Bhagavad Gita: Chapter 18, Verse 30

प्रवृत्तिंच निवृत्तिं च कार्याकार्ये भयाभये |
बन्धं मोक्षं च या वेत्तिबुद्धि: सा पार्थ सात्त्विकी || 30||

pravṛittiṁ cha nivṛittiṁ cha kāryākārye bhayābhaye
bandhaṁ mokṣhaṁ cha yā vetti buddhiḥ sā pārtha sāttvikī

pravṛittimactivities; chaand; nivṛittimrenuncation from action; chaand; kāryaproper action; akāryeimproper action; bhayafear; abhayewithout fear; bandhamwhat is binding; mokṣhamwhat is liberating; chaand; which; vettiunderstands; buddhiḥintellect; that; pārthason of Pritha; sāttvikīin the nature of goodness

pravrittim cha nivrittim cha karyakarye bhayabhaye
bandham moksham cha ya vetti buddhih sa partha sattviki


BG 18.30: The intellect is said to be in the nature of goodness, O Parth, when it understands what is proper action and improper action, what is duty and non-duty, what is to be feared and what is not to be feared, what is binding and what is liberating.


We constantly exercise our free will to make choices, and our cumulative choices determine where we reach in life. Robert Frost vividly describes this in his poem, The Road Not Taken:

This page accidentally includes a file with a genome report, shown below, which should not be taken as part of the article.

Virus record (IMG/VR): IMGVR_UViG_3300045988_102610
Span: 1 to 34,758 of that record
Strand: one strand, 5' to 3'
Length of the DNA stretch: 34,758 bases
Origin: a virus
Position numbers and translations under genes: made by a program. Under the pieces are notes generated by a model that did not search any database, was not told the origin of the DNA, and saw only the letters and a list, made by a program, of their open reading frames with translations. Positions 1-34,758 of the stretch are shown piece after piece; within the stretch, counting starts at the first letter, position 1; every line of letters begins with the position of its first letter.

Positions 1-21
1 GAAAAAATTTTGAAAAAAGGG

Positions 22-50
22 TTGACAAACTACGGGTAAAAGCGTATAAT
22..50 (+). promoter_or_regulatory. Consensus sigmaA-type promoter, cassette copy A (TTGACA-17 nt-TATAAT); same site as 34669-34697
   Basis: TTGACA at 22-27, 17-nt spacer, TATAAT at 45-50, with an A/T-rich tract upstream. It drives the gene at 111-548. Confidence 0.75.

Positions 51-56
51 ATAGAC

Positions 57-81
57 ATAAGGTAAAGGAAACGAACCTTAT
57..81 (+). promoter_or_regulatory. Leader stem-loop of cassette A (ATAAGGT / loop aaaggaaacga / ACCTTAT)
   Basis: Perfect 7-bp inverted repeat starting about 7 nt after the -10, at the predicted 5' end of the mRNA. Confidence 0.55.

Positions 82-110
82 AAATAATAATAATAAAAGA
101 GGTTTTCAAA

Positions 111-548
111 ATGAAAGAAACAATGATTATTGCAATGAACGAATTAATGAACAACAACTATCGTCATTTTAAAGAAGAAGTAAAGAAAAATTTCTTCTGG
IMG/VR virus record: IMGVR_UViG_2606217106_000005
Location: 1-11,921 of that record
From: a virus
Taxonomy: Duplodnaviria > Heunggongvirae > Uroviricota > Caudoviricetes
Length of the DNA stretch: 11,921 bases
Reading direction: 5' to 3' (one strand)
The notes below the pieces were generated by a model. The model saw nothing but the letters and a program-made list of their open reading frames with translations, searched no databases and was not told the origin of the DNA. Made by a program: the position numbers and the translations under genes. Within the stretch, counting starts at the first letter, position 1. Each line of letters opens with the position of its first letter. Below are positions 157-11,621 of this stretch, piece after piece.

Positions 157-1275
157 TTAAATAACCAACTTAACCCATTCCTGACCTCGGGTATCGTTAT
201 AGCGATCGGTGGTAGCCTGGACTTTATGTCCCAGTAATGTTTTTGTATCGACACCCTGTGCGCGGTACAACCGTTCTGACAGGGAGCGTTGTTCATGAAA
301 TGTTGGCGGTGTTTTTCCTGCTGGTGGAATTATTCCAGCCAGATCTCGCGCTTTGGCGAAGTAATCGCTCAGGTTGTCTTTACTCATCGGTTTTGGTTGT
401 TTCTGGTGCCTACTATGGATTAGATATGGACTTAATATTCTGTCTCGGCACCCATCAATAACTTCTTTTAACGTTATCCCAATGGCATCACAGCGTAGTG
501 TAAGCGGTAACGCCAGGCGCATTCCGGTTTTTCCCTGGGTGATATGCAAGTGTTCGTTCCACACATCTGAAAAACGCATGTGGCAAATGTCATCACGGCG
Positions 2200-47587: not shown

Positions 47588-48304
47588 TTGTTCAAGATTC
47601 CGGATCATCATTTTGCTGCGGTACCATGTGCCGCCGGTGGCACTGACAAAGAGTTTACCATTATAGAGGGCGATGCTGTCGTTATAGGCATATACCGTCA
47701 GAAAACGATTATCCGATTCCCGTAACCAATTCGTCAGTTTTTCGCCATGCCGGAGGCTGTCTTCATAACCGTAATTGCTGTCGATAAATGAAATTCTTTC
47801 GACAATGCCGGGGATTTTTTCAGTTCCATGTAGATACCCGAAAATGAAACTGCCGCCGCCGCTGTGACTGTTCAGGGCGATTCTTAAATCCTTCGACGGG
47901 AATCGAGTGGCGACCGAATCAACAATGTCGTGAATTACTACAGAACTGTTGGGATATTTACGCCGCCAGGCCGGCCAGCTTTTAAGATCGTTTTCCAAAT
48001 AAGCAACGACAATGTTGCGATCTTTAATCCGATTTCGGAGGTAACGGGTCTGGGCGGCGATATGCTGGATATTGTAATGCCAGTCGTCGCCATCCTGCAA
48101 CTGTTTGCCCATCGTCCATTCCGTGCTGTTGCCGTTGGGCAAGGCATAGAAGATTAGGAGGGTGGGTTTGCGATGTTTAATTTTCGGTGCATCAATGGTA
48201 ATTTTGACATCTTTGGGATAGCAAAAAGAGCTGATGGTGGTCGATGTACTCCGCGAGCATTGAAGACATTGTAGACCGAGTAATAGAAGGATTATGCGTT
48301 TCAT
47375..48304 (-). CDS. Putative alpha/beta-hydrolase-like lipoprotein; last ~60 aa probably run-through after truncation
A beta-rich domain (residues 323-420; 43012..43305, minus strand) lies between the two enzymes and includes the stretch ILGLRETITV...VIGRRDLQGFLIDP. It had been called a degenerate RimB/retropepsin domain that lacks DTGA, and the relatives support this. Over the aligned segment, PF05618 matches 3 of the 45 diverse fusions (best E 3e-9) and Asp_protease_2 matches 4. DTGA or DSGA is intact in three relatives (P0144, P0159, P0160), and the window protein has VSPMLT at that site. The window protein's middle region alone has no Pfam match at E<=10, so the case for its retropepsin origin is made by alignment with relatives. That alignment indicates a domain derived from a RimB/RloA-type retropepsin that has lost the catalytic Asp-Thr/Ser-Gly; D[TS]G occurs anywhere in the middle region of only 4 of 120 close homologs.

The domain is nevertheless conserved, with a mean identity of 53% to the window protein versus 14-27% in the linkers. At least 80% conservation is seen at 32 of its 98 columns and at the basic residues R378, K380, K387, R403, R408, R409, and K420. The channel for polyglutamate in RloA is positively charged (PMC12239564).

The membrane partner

I shall be telling this with a sigh

Somewhere ages and ages hence;

Two roads diverged in a wood, and I,

I took the one less traveled by,

And that has made all the difference.

To make proper choices, a developed faculty of discrimination is required. The Bhagavad Gita itself was spoken to Arjun to equip him with the power of discrimination. At the outset, Arjun was confused about his duty. His inordinate attachment to his relatives had bewildered his judgment regarding proper and improper action. Feeling weak and fearful, and in utter confusion, he had surrendered to the Lord and requested him to enlighten him regarding his duty. Through the divine song of wisdom, Lord Krishna helped Arjun develop his power of discrimination, until he finally concluded: “I have explained to you the knowledge that is more secret than all secrets. Ponder over it deeply, and then do as you wish.” (verse 18.63)

The mode of goodness illumines the intellect with the light of knowledge thereby refining its ability to discriminate the right and wrong of things, actions, and sentiments. The sāttvic intellect is one that makes known to us what type of action is to be performed and what type of action is to be renounced, what is to be feared and what is to be ignored. It explains to us the reason for the shortcomings in our personality and reveals the solution for them.